The Central Connecticut State University Art Galleries are first and foremost educational galleries. At the end of the spring semester, studio art majors exhibit their work for the Capstone 2017 gallery. This semesters gallery included many different types of paintings and pottery.

Chelsea Garcia, senior art student, was inspired by water color and mixed media to create these animalistic caricatures for her Capstone Project.


This section features Garcia’s paintings of (from top left) ‘Kim the Leopard”, “Lion in the West”, “Trumping Coyote”, and “Herding Sheep of Different Hues.”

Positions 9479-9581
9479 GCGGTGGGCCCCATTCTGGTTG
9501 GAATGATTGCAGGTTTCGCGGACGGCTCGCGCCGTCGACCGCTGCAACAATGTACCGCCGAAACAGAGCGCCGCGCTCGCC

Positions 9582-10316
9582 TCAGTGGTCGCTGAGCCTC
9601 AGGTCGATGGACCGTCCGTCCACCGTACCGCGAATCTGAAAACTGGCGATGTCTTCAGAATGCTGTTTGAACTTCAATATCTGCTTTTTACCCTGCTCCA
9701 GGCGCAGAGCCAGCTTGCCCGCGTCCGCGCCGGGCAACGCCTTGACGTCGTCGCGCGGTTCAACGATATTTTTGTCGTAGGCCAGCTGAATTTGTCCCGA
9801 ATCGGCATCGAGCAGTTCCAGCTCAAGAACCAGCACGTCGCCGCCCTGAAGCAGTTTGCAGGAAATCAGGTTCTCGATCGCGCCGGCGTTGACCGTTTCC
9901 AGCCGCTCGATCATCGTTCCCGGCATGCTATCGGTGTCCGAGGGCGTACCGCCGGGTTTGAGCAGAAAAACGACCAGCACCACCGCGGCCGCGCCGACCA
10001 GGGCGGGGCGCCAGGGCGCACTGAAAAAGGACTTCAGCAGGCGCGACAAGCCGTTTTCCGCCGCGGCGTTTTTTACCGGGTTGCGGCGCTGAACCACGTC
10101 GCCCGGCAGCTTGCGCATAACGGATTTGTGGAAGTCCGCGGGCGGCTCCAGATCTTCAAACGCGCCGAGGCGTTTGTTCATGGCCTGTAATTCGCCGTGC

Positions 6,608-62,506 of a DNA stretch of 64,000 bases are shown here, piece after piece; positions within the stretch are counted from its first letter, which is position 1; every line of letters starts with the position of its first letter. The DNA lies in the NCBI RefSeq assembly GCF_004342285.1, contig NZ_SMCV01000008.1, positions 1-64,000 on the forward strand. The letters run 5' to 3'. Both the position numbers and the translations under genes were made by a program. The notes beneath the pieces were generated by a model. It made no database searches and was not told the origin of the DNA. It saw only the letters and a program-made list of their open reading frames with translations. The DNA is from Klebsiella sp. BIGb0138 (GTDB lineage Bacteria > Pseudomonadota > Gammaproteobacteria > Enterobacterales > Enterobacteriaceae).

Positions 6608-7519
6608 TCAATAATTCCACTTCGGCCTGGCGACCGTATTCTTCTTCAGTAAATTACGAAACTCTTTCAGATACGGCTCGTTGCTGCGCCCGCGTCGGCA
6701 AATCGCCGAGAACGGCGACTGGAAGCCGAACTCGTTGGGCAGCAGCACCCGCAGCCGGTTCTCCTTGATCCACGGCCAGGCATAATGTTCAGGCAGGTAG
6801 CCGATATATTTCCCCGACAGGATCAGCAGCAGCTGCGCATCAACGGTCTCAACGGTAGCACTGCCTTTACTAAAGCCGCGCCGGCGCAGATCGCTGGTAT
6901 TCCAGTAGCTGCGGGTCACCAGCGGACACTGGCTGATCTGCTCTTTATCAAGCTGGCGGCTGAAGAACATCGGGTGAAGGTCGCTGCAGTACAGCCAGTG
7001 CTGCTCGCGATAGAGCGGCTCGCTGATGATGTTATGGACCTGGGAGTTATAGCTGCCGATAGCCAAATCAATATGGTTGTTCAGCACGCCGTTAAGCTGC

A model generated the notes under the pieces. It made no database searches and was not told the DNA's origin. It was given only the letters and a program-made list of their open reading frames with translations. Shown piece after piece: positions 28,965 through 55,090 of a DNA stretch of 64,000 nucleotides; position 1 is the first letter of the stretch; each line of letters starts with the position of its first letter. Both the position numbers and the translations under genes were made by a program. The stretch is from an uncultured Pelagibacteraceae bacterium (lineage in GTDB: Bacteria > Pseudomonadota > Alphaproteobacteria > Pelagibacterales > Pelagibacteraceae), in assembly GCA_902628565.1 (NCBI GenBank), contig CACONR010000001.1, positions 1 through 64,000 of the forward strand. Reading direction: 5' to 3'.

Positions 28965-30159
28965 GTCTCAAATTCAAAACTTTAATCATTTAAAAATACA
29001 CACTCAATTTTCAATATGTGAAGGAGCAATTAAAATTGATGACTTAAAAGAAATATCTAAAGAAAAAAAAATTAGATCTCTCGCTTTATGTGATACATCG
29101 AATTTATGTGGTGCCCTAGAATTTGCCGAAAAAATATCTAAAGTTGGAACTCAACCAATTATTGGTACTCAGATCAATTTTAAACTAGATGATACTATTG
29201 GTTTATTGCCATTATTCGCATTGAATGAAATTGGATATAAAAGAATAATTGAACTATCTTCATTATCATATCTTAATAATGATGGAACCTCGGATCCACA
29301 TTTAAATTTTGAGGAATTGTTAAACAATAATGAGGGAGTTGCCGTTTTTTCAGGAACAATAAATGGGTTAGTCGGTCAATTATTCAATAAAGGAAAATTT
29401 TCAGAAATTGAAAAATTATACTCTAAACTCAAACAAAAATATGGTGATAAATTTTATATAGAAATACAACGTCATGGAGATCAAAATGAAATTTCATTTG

“It was a lot of fun working on this project,” said Garcia, “I’ve always been fascinated controversial celebrities and wanted to take an artistic approach on them.”

Hanging on the walls is Amy Sciongay’s Capstone project Wall Hanging Pods.


She used clay, gold luster and gold/bronze leaves to create these hanging pods.

Martha Luciano used lots of clay to create statues and pieces for her Capstone project.

This piece is called “The World Tree” It was made using paper and clay.


This piece is called “Spiritual Freedom.” It was made using  clay and copper.

Luciano’s biggest piece was the heads of two different statues and in between was a little temple with a little candlelight in it.

I personally was attracted Tricia Sunderland-Drezek’s piece Rose Bouquet. I liked the beautiful composition of the different colors of paint.



A close up on the oil on canvas

Another interesting piece in the exhibit was Jamie Gray’s Delicate Balance.